Astronauts Very Politely Express Serious Doubt Over Trump's Moon Plans

Former Apprentice star-turned-president Donald Trump has not been shy about his desire to play lunar overlord. In December, he signed “Space Policy Directive 1,” which commands NASA to facilitate getting humans to the moon and eventually, Mars. While Trump is eager to send a crewed mission to the moon under his presidency, astronauts who have actual scientific credentials and didn’t just star in a third-tier reality show say that’s probably not going to happen.

In an interview with Voice of America (VOA) on Wednesday, American astronauts aboard the International Space Station said that while a lunar mission sounds exciting, it’s going to be more challenging than “a lot of people” assume.

“Going back to the moon is a bigger project than a lot of people think,” ISS Expedition 54 flight engineer Scott Tingle told VOA via live stream.

Tingle expressed further skepticism about launching a crewed mission into lunar orbit by 2023.

“Just because we’ve done it before doesn’t mean we’re that close to doing it now,” he said in an interview with VOA’s Russian service. “We’ve got a lot of work to do, a lot of engineering to do, a lot of planning to do, a lot of operations to do, and it’s going to be expensive. It’s going to take a lot of manpower, and it’s going to take a lot of thinking outside the box to make it as quickly and efficiently as we can.”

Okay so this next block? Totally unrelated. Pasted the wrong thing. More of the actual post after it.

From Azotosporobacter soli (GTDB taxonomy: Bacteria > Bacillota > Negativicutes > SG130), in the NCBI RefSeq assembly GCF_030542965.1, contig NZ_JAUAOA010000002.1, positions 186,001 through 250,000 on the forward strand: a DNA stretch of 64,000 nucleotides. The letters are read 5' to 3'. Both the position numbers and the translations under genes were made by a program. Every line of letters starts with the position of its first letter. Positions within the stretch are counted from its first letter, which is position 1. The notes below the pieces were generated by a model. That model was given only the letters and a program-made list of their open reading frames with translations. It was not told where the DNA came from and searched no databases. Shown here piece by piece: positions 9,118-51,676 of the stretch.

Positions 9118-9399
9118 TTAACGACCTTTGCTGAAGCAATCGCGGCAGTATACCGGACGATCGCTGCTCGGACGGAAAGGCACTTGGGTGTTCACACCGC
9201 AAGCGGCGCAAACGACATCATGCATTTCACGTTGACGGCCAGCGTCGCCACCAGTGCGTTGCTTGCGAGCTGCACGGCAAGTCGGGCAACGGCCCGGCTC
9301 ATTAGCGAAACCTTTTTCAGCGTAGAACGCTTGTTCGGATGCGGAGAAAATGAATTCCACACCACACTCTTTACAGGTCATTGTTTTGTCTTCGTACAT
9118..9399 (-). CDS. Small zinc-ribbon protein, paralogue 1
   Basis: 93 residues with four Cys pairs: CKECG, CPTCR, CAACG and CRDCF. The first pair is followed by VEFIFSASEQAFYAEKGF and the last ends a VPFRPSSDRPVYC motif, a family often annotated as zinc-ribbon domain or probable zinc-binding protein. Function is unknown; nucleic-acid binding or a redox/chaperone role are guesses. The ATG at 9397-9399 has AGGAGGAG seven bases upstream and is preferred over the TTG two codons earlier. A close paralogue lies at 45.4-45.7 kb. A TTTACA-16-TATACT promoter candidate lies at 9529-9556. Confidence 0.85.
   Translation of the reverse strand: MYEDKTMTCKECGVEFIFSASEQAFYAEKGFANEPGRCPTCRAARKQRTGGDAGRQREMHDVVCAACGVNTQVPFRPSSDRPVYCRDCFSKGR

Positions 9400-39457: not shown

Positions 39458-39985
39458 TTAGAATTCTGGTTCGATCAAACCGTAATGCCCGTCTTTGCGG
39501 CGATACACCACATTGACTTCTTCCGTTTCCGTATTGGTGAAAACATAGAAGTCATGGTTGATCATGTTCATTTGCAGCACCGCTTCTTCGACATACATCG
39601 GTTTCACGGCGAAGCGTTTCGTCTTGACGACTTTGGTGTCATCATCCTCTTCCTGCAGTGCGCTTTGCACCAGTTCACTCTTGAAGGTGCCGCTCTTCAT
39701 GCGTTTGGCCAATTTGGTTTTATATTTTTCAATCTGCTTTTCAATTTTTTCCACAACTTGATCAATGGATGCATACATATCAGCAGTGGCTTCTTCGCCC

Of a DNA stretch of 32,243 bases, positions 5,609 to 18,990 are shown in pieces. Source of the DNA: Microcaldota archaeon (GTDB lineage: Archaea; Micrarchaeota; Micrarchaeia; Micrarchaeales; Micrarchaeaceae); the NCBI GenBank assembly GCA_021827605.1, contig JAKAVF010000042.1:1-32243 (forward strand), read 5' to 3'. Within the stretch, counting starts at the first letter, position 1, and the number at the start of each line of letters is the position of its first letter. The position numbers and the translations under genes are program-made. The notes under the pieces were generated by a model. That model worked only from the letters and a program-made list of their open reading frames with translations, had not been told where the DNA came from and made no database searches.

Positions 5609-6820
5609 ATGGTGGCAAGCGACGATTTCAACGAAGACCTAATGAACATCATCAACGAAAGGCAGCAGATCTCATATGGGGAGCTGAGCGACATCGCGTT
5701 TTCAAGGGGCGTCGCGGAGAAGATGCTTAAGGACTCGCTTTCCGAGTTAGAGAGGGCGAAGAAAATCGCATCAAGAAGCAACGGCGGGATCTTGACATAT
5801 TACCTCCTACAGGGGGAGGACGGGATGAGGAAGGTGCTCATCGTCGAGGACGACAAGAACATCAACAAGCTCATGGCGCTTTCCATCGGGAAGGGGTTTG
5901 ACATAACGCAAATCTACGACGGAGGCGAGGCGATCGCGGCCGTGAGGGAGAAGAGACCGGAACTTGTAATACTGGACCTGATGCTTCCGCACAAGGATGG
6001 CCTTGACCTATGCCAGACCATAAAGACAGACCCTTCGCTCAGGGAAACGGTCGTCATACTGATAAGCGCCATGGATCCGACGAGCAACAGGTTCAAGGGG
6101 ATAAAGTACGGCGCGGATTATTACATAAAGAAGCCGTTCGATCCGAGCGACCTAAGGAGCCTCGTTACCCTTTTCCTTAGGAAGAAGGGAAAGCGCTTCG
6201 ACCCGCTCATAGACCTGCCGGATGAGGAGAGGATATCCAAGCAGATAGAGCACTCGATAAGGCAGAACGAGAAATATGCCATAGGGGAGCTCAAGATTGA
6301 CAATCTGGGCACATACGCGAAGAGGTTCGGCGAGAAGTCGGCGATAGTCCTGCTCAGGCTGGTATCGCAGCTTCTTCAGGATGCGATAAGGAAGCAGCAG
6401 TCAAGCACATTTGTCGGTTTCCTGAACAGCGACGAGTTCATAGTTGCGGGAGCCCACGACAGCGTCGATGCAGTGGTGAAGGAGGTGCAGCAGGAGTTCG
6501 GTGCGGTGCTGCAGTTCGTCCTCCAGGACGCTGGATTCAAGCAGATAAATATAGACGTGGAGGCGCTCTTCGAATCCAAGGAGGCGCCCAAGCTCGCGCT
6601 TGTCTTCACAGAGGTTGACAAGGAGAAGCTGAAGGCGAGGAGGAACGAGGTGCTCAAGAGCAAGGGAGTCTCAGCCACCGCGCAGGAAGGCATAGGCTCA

Expedition 54 prime crew members flight engineer Norishige Kanai of Japan Aerospace Exploration Agency (JAXA), right, Soyuz Commander Anton Shkaplerov of Roscosmos, center, and flight engineer Scott Tingle of NASA, right. (Photo by Joel Kowsky/NASA via Getty Images)

Time is running out for the International Space Station (ISS) program, which is expected to end in 2024. While a crewed return mission to the moon probably won’t take place under Trump’s presidency, the U.S. and Russia have already made plans to build a spaceport in lunar orbit called the Deep Space Gateway. This would hypothetically serve as a stepping stone for getting humans to Mars, and would remain in lunar orbit for a minimum of 10 years.

So while it makes sense to start thinking beyond the ISS, getting humans to the moon in the next four years isn’t realistic. The president will have to find other ways to fulfill his fantasy of serving as lunar CEO.

Media via Getty Images / Handout, Getty Images / Chip Somodevilla